Politicians make unannounced visit to Romford Hospital
POLITICIANS concerned about changes to hospital services made an unannounced visit to Queen’s Hospital last week.
Barking MP Margaret Hodge and Ilford South MP Mike Gapes arrived at the hospital without informing staff and listened to patients – who gave the hospital the thumbs-up.
Daagenham and Rainham MP Jon Cruddas had also planned to attend but was delayed on the way.
The politicians believe the Romford hospital would struggle to cope with the influx of extra patients generated by the closure of the A&E and maternity departments at King George Hospital, Goodmayes, and have launched a campaign to overturn the decision.
During their rounds, they chatted with patients, asking how long they had been waiting – to which the response was a positive “not long”.
You may also want to watch:
After the visit, Mrs Hodge said: “It was not busy this morning so the A&E was fine. My concern is how they would cope with a big increase in patients.”
She said that one of her biggest concerns was for the maternity services: “I don’t believe Queen’s will be able to cope the demand if the unit at King George closes.”
- 1 Mick Norcross, The Only Way Is Essex star, has died aged 57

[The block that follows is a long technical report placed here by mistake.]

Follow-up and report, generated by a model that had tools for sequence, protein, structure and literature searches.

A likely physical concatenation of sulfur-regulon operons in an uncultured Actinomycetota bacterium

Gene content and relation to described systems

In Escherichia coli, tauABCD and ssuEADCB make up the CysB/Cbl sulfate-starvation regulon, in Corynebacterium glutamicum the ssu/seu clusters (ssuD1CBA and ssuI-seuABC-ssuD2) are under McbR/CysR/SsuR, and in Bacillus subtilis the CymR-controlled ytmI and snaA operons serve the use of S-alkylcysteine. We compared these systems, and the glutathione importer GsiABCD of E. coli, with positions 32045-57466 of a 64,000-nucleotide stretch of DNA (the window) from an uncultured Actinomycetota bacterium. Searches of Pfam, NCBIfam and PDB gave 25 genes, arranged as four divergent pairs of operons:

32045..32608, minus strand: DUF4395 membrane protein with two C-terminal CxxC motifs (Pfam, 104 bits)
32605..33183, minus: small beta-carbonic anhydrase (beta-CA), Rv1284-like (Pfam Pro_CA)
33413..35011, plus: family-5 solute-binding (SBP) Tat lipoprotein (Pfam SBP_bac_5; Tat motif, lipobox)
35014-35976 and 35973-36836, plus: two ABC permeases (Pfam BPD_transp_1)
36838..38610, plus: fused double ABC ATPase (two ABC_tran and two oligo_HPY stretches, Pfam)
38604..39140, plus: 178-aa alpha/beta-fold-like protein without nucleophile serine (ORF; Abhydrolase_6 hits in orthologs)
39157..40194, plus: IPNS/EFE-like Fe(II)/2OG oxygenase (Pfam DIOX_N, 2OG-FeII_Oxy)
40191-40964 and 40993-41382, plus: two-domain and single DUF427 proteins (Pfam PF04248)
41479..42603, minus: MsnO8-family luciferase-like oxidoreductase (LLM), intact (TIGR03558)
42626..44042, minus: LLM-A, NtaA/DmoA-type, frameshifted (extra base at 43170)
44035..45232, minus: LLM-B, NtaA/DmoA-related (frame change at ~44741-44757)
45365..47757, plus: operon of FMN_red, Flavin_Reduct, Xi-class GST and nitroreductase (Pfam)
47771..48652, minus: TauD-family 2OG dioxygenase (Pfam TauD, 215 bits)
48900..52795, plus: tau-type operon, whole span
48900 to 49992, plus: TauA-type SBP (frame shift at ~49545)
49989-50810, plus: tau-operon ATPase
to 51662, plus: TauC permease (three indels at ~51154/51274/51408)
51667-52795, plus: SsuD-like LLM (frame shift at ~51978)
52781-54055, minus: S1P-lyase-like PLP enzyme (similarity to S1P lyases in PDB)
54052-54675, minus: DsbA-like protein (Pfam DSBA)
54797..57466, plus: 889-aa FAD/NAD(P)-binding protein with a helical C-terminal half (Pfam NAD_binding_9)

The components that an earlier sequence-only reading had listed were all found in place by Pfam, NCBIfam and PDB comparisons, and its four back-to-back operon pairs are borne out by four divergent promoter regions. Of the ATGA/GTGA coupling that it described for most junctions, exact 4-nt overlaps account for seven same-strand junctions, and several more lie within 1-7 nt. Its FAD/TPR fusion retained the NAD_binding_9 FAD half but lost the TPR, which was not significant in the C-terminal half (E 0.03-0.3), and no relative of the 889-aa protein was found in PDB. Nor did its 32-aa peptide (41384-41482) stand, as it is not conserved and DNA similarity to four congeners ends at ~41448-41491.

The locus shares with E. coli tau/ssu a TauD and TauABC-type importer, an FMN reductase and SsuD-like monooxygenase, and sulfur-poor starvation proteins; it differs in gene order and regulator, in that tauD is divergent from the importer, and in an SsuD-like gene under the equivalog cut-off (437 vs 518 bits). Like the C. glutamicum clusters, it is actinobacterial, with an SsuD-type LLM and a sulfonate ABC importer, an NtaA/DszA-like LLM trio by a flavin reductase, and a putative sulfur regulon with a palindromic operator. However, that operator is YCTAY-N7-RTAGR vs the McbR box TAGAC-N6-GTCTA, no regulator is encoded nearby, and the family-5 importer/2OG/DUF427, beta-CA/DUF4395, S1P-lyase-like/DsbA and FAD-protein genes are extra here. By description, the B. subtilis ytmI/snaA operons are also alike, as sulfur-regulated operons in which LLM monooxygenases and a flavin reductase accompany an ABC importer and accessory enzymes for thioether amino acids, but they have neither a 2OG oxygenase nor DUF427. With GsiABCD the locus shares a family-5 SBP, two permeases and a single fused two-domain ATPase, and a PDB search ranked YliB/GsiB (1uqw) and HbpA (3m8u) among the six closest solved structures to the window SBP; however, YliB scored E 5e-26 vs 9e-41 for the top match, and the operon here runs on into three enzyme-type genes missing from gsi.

- 2 Watch police fine seven in Romford for watching TV together
- 3 Queen's and King George hospitals appeal for volunteers to support end of life patients
- 4 'A tax on relationships': Politicians criticise boundary charge proposal
- 5 NHS nurse assaulted at east London hospital
- 6 Harvey, 7, died after electric shock 'flowed through his body', court hears
- 7 Covid deaths increase at Queen's and King George hospitals this week
- 8 Council report reveals concern that borough's Covid vaccination drive may be held back
- 9 Queen's and King George hospitals reach 10,000 vaccinated milestone
- 10 Police appeal after second fatal Rainham collision in less than a week
A trust spokesman said they were “delighted” to show the MPs around the hospital and “talk them through the improvements which have been made in patient care”.
She said: “New systems in A&E – with patients being seen by a consultant as soon as they arrive by ambulance – are working well, and Mrs Hodge and Mr Gapes could see for themselves a much calmer environment in our emergency department.
“It was pleasing that none of the patients spoken to by Mrs Hodge and Mr Gapes in A&E and maternity had any complaints about the care they have received or the time they had to wait.”